ELIZABETH JACOWAY:
Oh, yeah.
DAISY BATES:
About this kind of thing.
ELIZABETH JACOWAY:
Well, how did you decide what to concentrate your energies on?
DAISY BATES:
We concentrated, I think, on everything. This was across the board. Wherever we could, we hit it. It was no special thing, but everything, the whole system.
ELIZABETH JACOWAY:
But then when the Brown decision was handed down, all of your energies began to be focused, really, on education.
DAISY BATES:
Yeah. See, after the Brown decision, then the kids who were Negro. . . . They sent around forms to the schools. Mr. Blossom2 and the teachers passed the ballot. And they found that they had too many kids. n2 And meanwhile, Mr. Blossom sent these papers out to the schools, the last day of school, to get a determination of how many children planned to go to Central that following year, the following September.
ELIZABETH JACOWAY:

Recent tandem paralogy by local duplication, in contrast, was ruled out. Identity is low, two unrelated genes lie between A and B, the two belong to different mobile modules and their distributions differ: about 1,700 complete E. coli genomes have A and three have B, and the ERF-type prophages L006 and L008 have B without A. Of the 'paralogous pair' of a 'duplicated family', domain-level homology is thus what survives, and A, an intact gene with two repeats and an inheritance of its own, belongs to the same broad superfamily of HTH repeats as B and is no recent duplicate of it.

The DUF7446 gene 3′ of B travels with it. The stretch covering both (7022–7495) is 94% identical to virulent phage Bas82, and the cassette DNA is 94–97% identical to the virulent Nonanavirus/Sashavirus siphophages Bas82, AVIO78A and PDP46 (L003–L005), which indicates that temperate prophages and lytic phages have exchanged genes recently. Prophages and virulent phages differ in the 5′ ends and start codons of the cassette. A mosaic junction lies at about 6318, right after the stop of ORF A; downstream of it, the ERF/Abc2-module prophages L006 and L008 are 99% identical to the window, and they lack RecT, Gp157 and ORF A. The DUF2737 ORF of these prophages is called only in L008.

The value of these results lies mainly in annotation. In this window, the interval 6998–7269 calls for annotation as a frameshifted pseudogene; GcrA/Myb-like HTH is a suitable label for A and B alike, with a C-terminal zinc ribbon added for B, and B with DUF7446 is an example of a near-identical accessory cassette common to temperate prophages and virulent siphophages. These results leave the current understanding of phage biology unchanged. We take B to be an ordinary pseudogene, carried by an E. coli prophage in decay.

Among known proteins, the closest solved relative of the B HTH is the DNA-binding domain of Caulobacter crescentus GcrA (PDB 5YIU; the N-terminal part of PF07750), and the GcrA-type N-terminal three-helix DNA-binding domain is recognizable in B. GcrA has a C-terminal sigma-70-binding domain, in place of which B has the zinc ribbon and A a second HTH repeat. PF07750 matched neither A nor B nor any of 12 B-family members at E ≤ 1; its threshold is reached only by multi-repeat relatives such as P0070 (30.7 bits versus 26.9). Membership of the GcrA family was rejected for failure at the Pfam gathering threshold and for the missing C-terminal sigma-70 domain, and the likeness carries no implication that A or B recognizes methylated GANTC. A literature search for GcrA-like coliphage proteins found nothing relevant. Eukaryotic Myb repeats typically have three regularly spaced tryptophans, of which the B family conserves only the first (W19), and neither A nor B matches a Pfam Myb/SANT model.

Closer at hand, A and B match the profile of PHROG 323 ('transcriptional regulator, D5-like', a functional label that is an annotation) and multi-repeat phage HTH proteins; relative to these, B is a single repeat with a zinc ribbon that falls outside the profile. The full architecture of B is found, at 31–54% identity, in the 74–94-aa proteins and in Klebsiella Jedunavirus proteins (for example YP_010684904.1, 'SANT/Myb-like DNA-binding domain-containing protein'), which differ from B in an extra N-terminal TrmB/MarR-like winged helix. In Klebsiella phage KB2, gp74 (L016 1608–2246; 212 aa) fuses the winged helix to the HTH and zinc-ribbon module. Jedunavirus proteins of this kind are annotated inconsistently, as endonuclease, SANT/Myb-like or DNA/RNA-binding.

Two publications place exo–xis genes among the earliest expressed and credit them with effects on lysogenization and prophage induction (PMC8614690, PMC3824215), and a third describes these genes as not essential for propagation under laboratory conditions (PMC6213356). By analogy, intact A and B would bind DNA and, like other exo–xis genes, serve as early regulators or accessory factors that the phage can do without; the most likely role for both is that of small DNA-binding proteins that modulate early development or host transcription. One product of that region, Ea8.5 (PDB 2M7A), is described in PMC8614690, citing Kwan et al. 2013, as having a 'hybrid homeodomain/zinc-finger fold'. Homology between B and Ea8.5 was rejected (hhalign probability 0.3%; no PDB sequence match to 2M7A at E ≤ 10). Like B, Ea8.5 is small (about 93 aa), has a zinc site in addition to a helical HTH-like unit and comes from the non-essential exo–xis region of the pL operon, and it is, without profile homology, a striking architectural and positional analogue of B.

This was in 1956?
DAISY BATES:
This was in 1957.
ELIZABETH JACOWAY:
In the spring of '57.
DAISY BATES:
In the spring. So unknown the first day they got a hundred applications back.
ELIZABETH JACOWAY:
From black students, mm-hm.
DAISY BATES:
Well, a hundred students the first day, and then another hundred the following week.Then they called those students in and told them they would have to come in and bring their parents and talk to himSo some of the parents went, but that meant that the husband had to get off from work, lose a whole day, to go to the school. He didn't see why that was necessary. I didn't see why it was necessary. So nevertheless, a lot of the parents went with their children to the schools and they talked to the Superintendent. Meanwhile they started coming back. That was the whole idea, that they eliminate as many as they possibly could. I have pictures of some of the kids I had. So finally it got down to nine. And the kids, after they'd go to the Superintendent's Office, they would come back and tell me what was going on, what he said. So it got down to nine, and I got the names of kids that he had not interviewed, and I talked to them before. When they went down there, they knew what to say and what not to say. They were going to go to that school; they weren't going to let anything change them. So about nine came out. He was going to admit one of the nine.